Andrea reviews If You could be Mine by Sara Farizan, Algonquin, 2013
Sometimes, when I am really lucky, I will read a book that just stirs so much emotion in me that I actually cannot keep my hands off the book. I find myself just aching for the characters, and most of the time, I find myself riled up over YA fictional characters. It might sound crazy but there is so much rawness and vulnerability in YA pages.
In Sara Farizan’s debut novel, the upset is there, the agony is apparent, and the rawness of Sahar’s pain is exposed. Sahar lives in Iran and has been in love with her best friend, Nasrin, since they were six years old. In fact, they share a mutual love for one another, which is great and wonderful, right?
Wrong. Dead wrong.
In oppressive Iran, like most of the Middle Eastern culture, homosexuality is an abomination. It is a sin so heinous that people have brutally and publicly executed for their transgression. Nasrin and Sahar know their government would never allow, let alone accept, their same-sex relationship.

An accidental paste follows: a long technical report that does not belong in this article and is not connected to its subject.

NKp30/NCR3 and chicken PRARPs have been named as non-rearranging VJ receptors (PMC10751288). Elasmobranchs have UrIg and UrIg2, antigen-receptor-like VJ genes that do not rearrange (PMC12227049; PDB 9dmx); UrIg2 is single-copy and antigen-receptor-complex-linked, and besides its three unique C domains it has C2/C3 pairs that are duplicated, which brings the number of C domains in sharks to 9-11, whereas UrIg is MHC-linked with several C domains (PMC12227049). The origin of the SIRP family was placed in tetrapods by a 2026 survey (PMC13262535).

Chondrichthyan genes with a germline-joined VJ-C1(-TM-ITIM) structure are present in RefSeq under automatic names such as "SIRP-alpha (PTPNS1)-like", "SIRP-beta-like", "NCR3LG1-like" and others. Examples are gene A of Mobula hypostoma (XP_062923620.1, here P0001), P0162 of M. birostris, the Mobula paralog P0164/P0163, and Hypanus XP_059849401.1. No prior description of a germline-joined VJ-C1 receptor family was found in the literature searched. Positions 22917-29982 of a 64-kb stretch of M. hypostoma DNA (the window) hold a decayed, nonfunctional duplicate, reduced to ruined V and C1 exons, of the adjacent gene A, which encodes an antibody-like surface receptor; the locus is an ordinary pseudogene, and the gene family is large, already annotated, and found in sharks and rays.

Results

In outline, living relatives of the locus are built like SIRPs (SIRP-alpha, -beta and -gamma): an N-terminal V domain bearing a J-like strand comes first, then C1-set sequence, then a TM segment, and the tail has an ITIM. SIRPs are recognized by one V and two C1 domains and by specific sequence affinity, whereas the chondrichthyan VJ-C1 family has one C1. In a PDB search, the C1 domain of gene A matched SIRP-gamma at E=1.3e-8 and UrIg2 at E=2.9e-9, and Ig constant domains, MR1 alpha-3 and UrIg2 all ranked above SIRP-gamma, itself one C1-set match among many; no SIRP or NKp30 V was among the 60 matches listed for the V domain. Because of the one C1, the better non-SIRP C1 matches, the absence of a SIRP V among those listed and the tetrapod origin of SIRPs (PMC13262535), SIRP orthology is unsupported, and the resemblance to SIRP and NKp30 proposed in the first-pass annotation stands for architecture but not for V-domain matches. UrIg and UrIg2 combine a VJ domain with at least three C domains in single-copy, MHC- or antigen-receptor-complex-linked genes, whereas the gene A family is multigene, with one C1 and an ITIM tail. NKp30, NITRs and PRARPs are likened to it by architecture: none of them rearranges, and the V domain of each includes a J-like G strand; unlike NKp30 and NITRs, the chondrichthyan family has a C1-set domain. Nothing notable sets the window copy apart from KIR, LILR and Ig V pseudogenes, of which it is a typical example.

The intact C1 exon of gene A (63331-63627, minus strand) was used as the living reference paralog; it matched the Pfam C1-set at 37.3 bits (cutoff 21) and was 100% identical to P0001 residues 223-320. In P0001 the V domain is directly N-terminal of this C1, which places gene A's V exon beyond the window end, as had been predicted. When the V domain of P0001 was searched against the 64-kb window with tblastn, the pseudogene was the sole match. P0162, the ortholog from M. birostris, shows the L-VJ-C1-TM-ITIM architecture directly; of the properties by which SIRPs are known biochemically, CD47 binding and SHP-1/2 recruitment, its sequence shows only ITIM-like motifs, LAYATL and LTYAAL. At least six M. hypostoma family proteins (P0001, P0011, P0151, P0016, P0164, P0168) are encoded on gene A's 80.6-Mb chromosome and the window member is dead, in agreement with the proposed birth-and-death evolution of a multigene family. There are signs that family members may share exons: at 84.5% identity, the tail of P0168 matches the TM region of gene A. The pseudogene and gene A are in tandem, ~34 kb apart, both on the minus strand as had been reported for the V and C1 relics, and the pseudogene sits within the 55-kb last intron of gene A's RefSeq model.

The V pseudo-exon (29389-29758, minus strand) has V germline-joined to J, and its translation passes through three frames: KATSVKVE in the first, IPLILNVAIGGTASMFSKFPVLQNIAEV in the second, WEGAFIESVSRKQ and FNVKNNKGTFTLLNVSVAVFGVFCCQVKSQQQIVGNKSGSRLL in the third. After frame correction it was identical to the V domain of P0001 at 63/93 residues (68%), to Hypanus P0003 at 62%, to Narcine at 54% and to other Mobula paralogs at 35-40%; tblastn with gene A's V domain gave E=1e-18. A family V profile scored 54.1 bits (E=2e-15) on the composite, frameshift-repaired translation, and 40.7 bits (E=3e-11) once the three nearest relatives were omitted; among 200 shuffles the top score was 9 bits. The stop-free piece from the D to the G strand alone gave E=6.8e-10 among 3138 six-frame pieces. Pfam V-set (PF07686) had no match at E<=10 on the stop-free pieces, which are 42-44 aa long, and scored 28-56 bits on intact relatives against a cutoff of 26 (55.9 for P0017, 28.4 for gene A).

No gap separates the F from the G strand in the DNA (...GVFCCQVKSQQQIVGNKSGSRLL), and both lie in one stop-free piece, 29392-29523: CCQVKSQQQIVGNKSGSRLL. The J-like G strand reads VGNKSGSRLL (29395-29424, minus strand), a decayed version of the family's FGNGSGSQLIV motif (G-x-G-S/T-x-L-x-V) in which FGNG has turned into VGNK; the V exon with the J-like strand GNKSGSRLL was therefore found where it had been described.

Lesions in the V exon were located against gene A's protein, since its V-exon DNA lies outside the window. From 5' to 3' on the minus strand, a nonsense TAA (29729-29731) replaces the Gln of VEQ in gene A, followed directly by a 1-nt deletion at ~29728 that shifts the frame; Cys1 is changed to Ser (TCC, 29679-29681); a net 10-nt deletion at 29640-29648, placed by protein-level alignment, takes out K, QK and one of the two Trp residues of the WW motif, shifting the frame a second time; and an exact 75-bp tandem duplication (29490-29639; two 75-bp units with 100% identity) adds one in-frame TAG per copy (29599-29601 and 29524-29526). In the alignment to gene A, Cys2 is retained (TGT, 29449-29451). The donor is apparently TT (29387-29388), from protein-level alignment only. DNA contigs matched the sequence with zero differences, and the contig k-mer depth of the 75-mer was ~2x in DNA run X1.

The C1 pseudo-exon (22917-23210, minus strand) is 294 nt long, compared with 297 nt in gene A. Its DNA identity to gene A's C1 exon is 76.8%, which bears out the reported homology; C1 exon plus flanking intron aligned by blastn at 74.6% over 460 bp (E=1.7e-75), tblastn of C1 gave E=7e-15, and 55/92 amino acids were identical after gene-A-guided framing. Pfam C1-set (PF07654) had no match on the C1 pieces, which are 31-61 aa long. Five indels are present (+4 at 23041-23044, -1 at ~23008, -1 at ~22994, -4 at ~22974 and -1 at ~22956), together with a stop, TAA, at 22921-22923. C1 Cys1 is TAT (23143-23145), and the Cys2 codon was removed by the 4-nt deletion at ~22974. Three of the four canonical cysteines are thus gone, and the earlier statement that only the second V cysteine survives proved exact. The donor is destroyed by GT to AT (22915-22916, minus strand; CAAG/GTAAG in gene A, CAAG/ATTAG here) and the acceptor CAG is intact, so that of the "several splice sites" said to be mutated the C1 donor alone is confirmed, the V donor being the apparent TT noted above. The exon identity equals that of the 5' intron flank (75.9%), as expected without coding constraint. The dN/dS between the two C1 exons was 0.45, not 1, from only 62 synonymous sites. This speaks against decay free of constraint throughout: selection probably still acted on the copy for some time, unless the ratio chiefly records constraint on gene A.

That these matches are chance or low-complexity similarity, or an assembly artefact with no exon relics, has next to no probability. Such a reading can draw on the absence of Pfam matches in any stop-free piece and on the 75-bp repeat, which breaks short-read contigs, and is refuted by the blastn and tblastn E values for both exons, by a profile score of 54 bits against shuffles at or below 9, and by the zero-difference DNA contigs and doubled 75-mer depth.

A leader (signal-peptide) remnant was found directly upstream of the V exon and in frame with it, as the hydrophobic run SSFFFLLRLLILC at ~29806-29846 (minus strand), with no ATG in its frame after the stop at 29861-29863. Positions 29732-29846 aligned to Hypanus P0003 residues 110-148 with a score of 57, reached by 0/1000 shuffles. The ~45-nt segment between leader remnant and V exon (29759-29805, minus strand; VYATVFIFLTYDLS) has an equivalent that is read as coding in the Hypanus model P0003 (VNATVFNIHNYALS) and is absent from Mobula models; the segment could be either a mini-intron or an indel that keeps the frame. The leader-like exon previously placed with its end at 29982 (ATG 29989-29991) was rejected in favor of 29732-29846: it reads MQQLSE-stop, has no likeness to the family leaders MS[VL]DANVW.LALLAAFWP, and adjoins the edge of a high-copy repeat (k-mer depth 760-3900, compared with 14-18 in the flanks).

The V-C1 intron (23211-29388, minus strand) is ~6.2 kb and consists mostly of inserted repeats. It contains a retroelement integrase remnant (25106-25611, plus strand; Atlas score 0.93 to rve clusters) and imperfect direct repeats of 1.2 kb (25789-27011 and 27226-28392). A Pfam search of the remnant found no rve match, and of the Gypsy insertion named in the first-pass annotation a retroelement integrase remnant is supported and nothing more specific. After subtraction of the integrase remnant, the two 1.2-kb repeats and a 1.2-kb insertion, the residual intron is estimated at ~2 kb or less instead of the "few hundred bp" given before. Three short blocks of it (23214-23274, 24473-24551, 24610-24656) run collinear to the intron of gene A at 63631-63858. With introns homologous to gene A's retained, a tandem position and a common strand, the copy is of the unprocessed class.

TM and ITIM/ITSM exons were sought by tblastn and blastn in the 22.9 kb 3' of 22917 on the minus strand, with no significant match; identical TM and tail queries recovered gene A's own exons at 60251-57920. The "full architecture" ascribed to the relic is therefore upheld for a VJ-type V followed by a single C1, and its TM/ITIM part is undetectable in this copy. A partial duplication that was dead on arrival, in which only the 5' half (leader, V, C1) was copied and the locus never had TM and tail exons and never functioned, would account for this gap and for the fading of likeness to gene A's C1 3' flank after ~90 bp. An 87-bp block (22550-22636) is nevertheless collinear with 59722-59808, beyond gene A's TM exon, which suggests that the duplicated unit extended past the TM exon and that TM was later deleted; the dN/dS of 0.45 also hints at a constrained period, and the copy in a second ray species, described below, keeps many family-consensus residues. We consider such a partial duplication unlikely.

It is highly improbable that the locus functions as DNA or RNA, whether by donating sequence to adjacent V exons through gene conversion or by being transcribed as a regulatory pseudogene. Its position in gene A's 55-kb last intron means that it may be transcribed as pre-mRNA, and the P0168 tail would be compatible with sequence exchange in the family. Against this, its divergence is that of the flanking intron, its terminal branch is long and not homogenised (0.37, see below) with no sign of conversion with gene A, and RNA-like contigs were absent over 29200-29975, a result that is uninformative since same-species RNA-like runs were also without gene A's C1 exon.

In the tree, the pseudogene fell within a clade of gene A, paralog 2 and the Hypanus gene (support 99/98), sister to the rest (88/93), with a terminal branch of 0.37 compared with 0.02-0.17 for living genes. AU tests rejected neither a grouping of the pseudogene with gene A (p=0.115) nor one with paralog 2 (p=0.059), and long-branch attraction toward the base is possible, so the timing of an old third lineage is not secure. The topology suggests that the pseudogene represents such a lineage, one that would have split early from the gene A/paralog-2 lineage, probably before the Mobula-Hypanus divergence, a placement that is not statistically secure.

In the same country, though, sexual reassignment surgery is allowed and even funded by the government.
Sahar cannot deny her feelings for Nasrin, and she has to act quickly because her young friend’s parents have prearranged their daughter’s marriage to an older doctor from the village. Arranged marriages are a very traditional Middle Eastern custom.
With urging from her older, gay cousin, Ali, and mentoring from Parveen, a successful transgender in her community, Sahar feels she has no choice but have the surgery. When you’re truly in love, you must make sacrifices- even to this extreme.
This is an amazing story where Sahar’s anxiety was so real; it caused MY heart to pound and MY breath to catch. Although the book was only 247 pages, I savored every word and know I’m going to have to reread it at least five more times.